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When athletes ask me why they should get a power meter for their bikes, my answer is simple and not very original: a power meter makes sure you go hard enough on hard days, and easy enough on easy days. This is important in elite level international cyclocross because the extremes are very hard and any rider who wants to have a good day must be properly prepared.
Last weekend, Amy D Foundation cyclocross rider Rebecca Fahringer competed at the last round of the Telenet World Cup series in Hoogerheide, NED. Her Scott brand bicycle is equipped with a crank arm mounted Stages power meter which is a critical tool to help with her training prior to a race and then analyzing the data to help provide feedback afterwards.
Rebecca was up against the best of the world in Hoogerheide and found herself in the third row of call-ups, a true indication of her otherwise awesome 27th world ranking. This particular race course is very fast with almost a quarter of the loop on pavement meaning large non-technical groups and difficult passing opportunities.
From the Gun
From the start of the race you can see how quickly Rebecca’s power increases to get going; you can almost imagine how those shallow first few seconds are when she had to let traffic in front of her open up before the hard pedaling started.
The First Lap
After that start hill section, Rebecca was still caught in traffic for the first lap and you can see from the power file of her next lap that it took almost 9 more minutes of racing until she was able to reach her race long average heart rate of 181 bpm. During that lap, Rebecca hit speeds over 31 mph (a lot on a cx bike) and a maximum power of just 751 watts averaging a relatively easy 187. This is a good indication of the stochastic nature of cyclocross, either you are going wicked hard or you are coasting! You can see from the graph below how the pedaling was all or nothing!
This was a little frustrating for Rebecca as the traffic of the fast and packed group of riders made it almost like a road race with a strict yellow line rule! No passing allowed!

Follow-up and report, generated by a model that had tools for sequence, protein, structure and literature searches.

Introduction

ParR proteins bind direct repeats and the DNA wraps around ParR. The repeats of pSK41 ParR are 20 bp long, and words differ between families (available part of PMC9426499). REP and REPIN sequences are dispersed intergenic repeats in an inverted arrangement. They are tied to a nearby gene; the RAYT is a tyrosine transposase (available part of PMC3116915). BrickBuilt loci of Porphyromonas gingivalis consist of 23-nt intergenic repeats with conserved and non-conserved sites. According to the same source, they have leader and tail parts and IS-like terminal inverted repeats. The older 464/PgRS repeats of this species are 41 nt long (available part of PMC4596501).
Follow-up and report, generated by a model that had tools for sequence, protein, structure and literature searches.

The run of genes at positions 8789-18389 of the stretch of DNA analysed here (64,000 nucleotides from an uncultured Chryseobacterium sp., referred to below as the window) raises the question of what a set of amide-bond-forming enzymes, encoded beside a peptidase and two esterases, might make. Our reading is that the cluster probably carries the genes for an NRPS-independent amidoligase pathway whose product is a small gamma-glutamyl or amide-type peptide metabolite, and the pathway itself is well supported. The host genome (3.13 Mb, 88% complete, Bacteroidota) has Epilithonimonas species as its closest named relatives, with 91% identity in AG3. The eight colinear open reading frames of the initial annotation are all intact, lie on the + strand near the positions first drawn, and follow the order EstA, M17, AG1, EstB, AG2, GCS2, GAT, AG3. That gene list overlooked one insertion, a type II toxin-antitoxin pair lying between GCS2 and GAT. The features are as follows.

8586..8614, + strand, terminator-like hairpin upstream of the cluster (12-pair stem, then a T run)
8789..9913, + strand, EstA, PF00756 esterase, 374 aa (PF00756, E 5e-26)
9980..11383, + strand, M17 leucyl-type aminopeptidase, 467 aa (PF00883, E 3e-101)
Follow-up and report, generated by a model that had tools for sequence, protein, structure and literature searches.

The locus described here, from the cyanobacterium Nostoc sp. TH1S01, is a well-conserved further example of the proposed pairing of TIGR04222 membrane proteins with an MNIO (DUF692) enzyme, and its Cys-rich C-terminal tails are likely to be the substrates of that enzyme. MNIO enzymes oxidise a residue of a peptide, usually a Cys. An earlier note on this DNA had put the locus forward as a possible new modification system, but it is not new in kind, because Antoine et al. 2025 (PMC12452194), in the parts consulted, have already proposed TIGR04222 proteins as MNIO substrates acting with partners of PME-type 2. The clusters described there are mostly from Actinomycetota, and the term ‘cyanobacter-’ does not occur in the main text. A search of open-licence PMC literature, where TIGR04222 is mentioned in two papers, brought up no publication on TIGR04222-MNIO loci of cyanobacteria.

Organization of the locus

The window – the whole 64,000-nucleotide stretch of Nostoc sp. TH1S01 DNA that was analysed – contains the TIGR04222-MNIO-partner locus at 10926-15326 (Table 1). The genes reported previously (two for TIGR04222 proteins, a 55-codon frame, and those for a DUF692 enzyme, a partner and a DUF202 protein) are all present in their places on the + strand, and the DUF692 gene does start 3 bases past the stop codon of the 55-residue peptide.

The Next 30 Minutes
The next four laps of the race really gave Rebecca the chances she needed to get going and start to chase herself back into a decent position behind the fastest women in the world. Here the numbers from her Stages power meter really told a much faster story: Rebecca averages 25 watts more than that first lap and reaches a peak maximum 100 watts more as well! Wow, things are getting fast now!
Headed toward the Finish
For Rebecca’s final lap at Hoogerheide, she was able to keep the speed and power up all the way down to the finish line where she was able to catch one more rider and finish 24th for the day. You can see from the graph below how there was very little coasting (other than the stairs) during this final lap and as the groups got thinner how Rebecca was finally able to stay on the gas and move up.
This result was far from her best to date, but the overall effort showed that her fitness and strength are on track going into this weekend’s World Championships in Bieles, Luxumbourg.
Training For A Discipline of Extremes
When we train riders like Rebecca for elite cyclocross racing, we see how their Stages power meter shows the extremes of power needed for such an event. There is no “sitting in” during a cyclocross race as this chart below shows:
Although it is very important to work fitness and muscular endurance when training for cyclocross, it is absolutely critical to concentrate on those super high end power zones. This is why it is important to use a power meter to make sure that racers are going “hard enough” to match those zones needed on race day. Like those old coaches always say: we race like we train.
Thank you for reading.
About the Coach
Kyle Wolfe owns and runs Finish Fast Cycling. He is considered an expert coach by USA Cycling and holds his Level 1 Coaching license. Kyle is a Power Based Training Certified Coach, a title earned through months of education, training, practice and testing that has perfected his ability to maximize an athlete’s abilities using the modern power measuring equipment. He is also recognized by Training Peaks as a Certified Cycling Coach at their national level. Kyle spent two years of managing and directing a national level u-25 cycling team has also helped him refine his skills and abilities. Often considered the best two years of his life, that program has since produced a world champion, a national champion, a professional cyclocross racer, a ProTour rider and numerous elite cyclists still racing today.